Although Kenya introduced Free Primary Education in 2003, many children are still unable to access education due to long distances between home and school and poor quality of learning environment and teaching methods, among other obstacles.
Despite this free primary education offering a significant proportion of Kenyan children in primary school are failing to master basic literacy and
numeracy skills and primary education in the Arid and Semi-ARID Lands (ASAL) remains low with a child in a ASAL County 3 times more likely to be out of
school than a child in a non-ASAL County.
Some of the shocking statistics on primary school retention in ASAL regions that continue to keep these children away from school are:
1. 63% of schools in ASAL Counties do not have access safe water sources
2. 91% do not have latrines that met minimum hygiene conditions
3. 80% do not have electricity; and
4. 40% do not have the basic teaching materials necessary to support learning.
The Safaricom Foundation has continued to focus on improving educational outcomes in ASAL regions as well as in informal settlements among children in primary school as well as in promoting access to technical and vocational education for young people.
Learning for young ones
One of the ways that Safaricom Foundation is doing this is through the partnership with ZiziAfrique to launch the Accelerated Learning Program that is aimed at ensuring that children between the ages of 9-12 who need extra help and specialized instruction are equuequi with basic skills in reading and mathematics. The pilot for the programme is underway in Turkana, Tana-River and Bungoma counties and will be implemented in twenty schools in each county.
Sanitary pads for needy girls
One of the main reasons for girls not attending school in rural and arid areas is the fact that they cannot afford sanitary towels thus they stay at home to avoid movement, making a mess and being mocked for having their monthly periods.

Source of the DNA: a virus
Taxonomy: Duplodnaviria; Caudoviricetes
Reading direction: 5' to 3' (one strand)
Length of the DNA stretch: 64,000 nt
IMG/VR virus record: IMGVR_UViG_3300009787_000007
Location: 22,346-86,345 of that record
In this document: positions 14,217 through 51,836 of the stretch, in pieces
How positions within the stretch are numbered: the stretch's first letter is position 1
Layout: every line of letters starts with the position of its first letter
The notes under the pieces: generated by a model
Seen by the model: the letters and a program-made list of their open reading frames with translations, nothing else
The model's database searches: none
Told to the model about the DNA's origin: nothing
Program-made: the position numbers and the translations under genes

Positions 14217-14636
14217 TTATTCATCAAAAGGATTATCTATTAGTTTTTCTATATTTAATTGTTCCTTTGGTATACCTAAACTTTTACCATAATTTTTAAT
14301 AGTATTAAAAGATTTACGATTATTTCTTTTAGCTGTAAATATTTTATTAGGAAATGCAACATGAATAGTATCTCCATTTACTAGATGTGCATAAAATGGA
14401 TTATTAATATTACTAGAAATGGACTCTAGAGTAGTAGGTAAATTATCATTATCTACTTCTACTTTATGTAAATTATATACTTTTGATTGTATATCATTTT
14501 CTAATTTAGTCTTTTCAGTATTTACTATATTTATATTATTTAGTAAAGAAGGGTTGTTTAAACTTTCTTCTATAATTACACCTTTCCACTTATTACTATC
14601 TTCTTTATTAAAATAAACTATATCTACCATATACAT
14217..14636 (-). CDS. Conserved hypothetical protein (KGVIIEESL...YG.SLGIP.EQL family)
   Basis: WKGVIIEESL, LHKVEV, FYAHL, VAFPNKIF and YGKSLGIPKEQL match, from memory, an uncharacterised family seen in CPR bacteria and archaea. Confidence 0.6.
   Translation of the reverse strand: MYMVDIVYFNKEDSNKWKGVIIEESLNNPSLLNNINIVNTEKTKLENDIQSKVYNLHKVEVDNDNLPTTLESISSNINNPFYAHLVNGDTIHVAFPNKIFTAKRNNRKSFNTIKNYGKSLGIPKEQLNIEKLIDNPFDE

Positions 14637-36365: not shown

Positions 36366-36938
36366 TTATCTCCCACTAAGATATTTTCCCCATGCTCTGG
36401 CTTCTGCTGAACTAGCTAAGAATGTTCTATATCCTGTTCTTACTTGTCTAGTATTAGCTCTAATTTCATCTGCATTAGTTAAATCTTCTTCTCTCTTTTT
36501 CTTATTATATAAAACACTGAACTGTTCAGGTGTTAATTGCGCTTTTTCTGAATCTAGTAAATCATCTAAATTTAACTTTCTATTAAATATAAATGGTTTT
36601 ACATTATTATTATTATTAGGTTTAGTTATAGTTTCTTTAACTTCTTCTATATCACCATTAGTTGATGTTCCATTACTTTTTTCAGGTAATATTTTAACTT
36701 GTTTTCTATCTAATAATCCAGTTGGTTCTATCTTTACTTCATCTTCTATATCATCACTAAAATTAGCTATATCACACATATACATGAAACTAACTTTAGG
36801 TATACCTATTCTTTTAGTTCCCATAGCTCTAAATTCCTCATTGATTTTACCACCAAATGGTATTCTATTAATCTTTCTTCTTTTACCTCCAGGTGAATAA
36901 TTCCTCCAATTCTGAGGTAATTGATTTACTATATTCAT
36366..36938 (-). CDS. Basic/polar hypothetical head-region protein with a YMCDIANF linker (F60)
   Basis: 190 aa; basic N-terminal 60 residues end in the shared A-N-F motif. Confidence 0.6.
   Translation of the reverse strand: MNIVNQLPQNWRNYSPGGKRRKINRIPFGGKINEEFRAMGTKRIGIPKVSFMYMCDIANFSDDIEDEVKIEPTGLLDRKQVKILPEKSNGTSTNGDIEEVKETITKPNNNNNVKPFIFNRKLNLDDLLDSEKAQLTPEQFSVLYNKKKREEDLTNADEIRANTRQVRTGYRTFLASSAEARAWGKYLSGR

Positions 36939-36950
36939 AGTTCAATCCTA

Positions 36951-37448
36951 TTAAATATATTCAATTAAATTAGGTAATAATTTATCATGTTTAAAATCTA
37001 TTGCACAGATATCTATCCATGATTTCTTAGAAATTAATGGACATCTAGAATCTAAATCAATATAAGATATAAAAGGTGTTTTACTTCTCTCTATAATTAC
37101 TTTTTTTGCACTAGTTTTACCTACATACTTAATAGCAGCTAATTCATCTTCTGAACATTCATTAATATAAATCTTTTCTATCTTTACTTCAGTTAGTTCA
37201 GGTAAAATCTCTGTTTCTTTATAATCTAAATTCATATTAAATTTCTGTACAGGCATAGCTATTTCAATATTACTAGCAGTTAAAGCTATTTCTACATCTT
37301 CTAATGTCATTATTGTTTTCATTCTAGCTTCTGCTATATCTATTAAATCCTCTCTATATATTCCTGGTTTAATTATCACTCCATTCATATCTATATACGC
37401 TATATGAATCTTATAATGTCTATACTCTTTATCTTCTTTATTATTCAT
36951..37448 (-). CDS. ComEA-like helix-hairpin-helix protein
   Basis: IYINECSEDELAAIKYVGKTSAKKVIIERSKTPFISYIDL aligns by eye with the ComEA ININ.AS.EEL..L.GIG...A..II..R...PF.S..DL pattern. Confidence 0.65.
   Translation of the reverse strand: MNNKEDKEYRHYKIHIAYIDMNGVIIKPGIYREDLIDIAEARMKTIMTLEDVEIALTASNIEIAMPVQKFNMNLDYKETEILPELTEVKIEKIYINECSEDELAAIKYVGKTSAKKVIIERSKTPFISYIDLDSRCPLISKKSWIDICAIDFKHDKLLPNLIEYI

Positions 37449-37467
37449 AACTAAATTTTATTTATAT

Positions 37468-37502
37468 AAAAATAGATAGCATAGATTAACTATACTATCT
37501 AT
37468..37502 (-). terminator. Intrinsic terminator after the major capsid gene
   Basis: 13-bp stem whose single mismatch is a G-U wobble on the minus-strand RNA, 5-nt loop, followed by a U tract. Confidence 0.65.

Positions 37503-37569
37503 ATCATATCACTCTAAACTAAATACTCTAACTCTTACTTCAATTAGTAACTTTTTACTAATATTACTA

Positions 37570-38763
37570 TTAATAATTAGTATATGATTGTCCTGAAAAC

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Though the partnership between Safaricom Foundation and Huru International, girls all over the country from Karachuonyo to Garissa can be provided by reusable sanitary pad kits meaning girls are able to attend school throughout the school year including during their menstrual periods unlike before, which has resulted in increased academic performance.
Each Huru Pad lasts a minimum of 18 months, allowing girls to stay in school all year long and are produced locally, at a livelihood-generating workshop in Nairobi’s Mukuru slum. The kits are then distributed through school-based seminars, which engage beneficiaries in peer-based educational activities focused on HIV prevention and sexual and reproductive health. Huru International has produced and distributed over 25,000 reusable sanitary pad kits in a program that has changed the lives of Kenyan girls. The Safaricom Foundation has been one of Huru’s earliest supporters, and is a key partner in Kenya. In particular, the Foundation has supported the production and delivery of thousands of these Kits.
The impact of this work has been dramatic as: school absenteeism has been eliminated for 95% of program beneficiaries, and the academic performance of 85% of the girls who have received a Huru Kit has shown significant improvement. Just as important, as a consequence of the HIV prevention and life skills learning materials included in Huru Kits and at distribution events, 79% of beneficiaries have demonstrated increased HIV awareness.
Programs for children with disabilities
Statistics by World Health Organization show that approximately 10% of the total population in Kenya is physically challenged of these, 25% are children.
Less than 15,000 of these children are enrolled in educational programs for children with disabilities.
As part of its continuous process to accelerate growth in the education sector, Safaricom Foundation contributed Kshs 1.9 million towards the construction and equipping of physiotherapy facilities to the Wajir Girls Integrated Primary School.
The institution lacked essential facilities to cater to the needs of handicapped students. This is the only boarding school that accommodates handicapped girls in Wajir County. The girls require frequent physiotherapy sessions to enable them to attend classes with their counterparts.
Thanks to this project, the girls receiving the much needed help they required with specialized services offered by the physiotherapy facilities. The facilities have also lead to a reduction in the number of girls ping out of school.
Shashafey Primary School in Mandera has been in existence for the past 31 years with students in the school previously learning under temporary structures. The existing classrooms were not able to adequately accommodate the number of students in the school.
Through the Know and Grow Project, a partnership between Safaricom Foundation, Tinga Tinga Tales Foundation and the Coca-Cola Company, the school benefited from an 80 capacity classroom.
Congestion in the classrooms eased up and students can now learn well with the availability of ample space.